Gossips has heard from several reliable sources that this house--25 Union Street--is Eric Galloway's most recent acquisition. The house was one of the properties involved in an unusual sale of tax foreclosed properties back in 2002. In fact, it's one of the last properties from that sale which, until recently, was still owned by the people who acquired it then.
In 2002, an ad hoc committee of the Common Council, led by realtor and historic preservation advocate Judy Meyer and Christopher Nedwick, decided that instead of selling properties to the highest bidder they would solicit proposals from prospective buyers that outlined what they intended to do with the property and indicated the price they were willing to pay. The merits of the proposal, especially its benefits to the community, were considered, along with the price, in determining who was awarded the property. It was an innovative idea, and a good one, but unfortunately, no one thought to write covenants into the deeds to establish time limits for carrying out the proposal or to stipulate how long the new owner had to keep the property before selling it to someone else. Many properties were flippped before any significant improvements had been made to them.
This property was acquired in the foreclosure sale by Jack Dunlea, son-in-law of First Ward Alderman Sarah Sterling. The plan was to restore the house as a second home, but in nine years, very little work has been done, and there have been complaints from neighbors about the property's appearance and condition. According to one report, a family of skunks has been harboring under a pile of scrapped building materials in the yard. Now, it seems, the house has become yet another of Eric Galloway's holdings in the First Ward. One wonders how long it will be before his restoration work begins.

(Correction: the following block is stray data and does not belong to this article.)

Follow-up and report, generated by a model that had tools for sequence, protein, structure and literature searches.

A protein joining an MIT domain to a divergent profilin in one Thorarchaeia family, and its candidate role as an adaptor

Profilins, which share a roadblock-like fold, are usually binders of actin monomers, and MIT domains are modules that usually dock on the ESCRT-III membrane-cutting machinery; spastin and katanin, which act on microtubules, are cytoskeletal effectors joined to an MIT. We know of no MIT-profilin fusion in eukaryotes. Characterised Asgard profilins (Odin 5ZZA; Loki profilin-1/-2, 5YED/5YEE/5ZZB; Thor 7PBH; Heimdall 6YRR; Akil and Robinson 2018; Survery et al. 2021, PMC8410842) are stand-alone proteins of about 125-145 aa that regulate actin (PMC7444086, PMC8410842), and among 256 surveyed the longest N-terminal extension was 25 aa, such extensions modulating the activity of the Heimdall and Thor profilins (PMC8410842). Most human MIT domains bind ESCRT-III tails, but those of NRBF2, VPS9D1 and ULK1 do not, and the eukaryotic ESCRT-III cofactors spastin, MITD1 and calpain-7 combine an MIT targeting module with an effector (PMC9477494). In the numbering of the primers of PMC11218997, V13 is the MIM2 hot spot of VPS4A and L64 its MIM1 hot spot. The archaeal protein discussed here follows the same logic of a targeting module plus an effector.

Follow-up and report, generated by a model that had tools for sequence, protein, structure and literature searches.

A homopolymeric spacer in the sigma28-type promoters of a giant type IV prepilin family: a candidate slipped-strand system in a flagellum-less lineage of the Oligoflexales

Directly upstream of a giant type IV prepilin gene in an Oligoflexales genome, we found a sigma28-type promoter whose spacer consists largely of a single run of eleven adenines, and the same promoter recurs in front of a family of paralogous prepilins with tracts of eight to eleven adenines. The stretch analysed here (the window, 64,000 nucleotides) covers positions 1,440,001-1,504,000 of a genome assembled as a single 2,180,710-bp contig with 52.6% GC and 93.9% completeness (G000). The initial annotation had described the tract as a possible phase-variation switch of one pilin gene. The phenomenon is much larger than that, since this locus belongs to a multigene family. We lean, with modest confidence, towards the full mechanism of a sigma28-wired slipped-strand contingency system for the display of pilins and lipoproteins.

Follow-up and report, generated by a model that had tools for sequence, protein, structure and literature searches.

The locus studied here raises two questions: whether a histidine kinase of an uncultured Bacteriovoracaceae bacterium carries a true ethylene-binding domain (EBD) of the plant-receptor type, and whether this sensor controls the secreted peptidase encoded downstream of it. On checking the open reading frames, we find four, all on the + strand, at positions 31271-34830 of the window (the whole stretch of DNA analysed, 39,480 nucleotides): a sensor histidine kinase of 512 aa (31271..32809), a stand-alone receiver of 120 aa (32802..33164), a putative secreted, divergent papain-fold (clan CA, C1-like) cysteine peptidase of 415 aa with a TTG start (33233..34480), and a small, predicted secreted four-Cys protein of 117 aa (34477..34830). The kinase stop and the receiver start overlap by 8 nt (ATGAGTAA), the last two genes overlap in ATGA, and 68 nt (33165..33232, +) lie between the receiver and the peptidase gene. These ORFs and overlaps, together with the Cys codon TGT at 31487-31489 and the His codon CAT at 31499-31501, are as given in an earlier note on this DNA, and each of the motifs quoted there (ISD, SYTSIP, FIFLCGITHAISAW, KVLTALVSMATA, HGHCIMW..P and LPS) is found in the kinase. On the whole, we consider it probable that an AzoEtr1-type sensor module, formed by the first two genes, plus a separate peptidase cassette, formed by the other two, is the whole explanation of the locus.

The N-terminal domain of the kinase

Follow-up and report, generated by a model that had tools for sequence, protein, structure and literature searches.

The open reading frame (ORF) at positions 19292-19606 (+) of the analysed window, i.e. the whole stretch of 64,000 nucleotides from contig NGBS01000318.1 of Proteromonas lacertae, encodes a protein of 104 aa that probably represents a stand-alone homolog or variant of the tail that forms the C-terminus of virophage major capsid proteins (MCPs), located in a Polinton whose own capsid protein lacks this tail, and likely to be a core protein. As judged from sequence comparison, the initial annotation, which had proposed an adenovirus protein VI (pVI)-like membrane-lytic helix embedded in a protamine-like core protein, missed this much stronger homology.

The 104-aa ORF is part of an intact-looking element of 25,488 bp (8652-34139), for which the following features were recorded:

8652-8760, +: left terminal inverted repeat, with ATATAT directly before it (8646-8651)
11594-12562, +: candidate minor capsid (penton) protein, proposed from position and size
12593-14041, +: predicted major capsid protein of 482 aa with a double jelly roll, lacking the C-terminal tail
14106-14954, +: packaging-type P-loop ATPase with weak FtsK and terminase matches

A new name to me Mike Todd. Todd Animal Control.ReplyDelete
Live traps and moves the animals as I understand it. 851-5711
While understanding the preservation rationale behind Judy and Chris's idea (which became law), it has a downside.ReplyDelete
The law can be abused by unscrupulous politicians to justify selling a property at a huge discount to preferred friends and allies, using that law as a cover for preferential, insider deals... Sell the property to your buddy for way less than the highest price, and just claim that it was because the City preferred their (bogus) plans to the highest bidder's. Result: Few actual preservation benefits, less money in the City's pocket.
Indeed, there have been allegations in the past decade that exactly that scenario happened in several prominent cases.
Yet more empty dwellings to add to his already long long list - all needing much work.ReplyDelete
Just what is his motive? Hopefully it's not a grand scheme for more subsidized housing.
What about 113 Union? Not also bought by Galloway?ReplyDelete
Did he buy 113, too? This is a first I've heard.ReplyDelete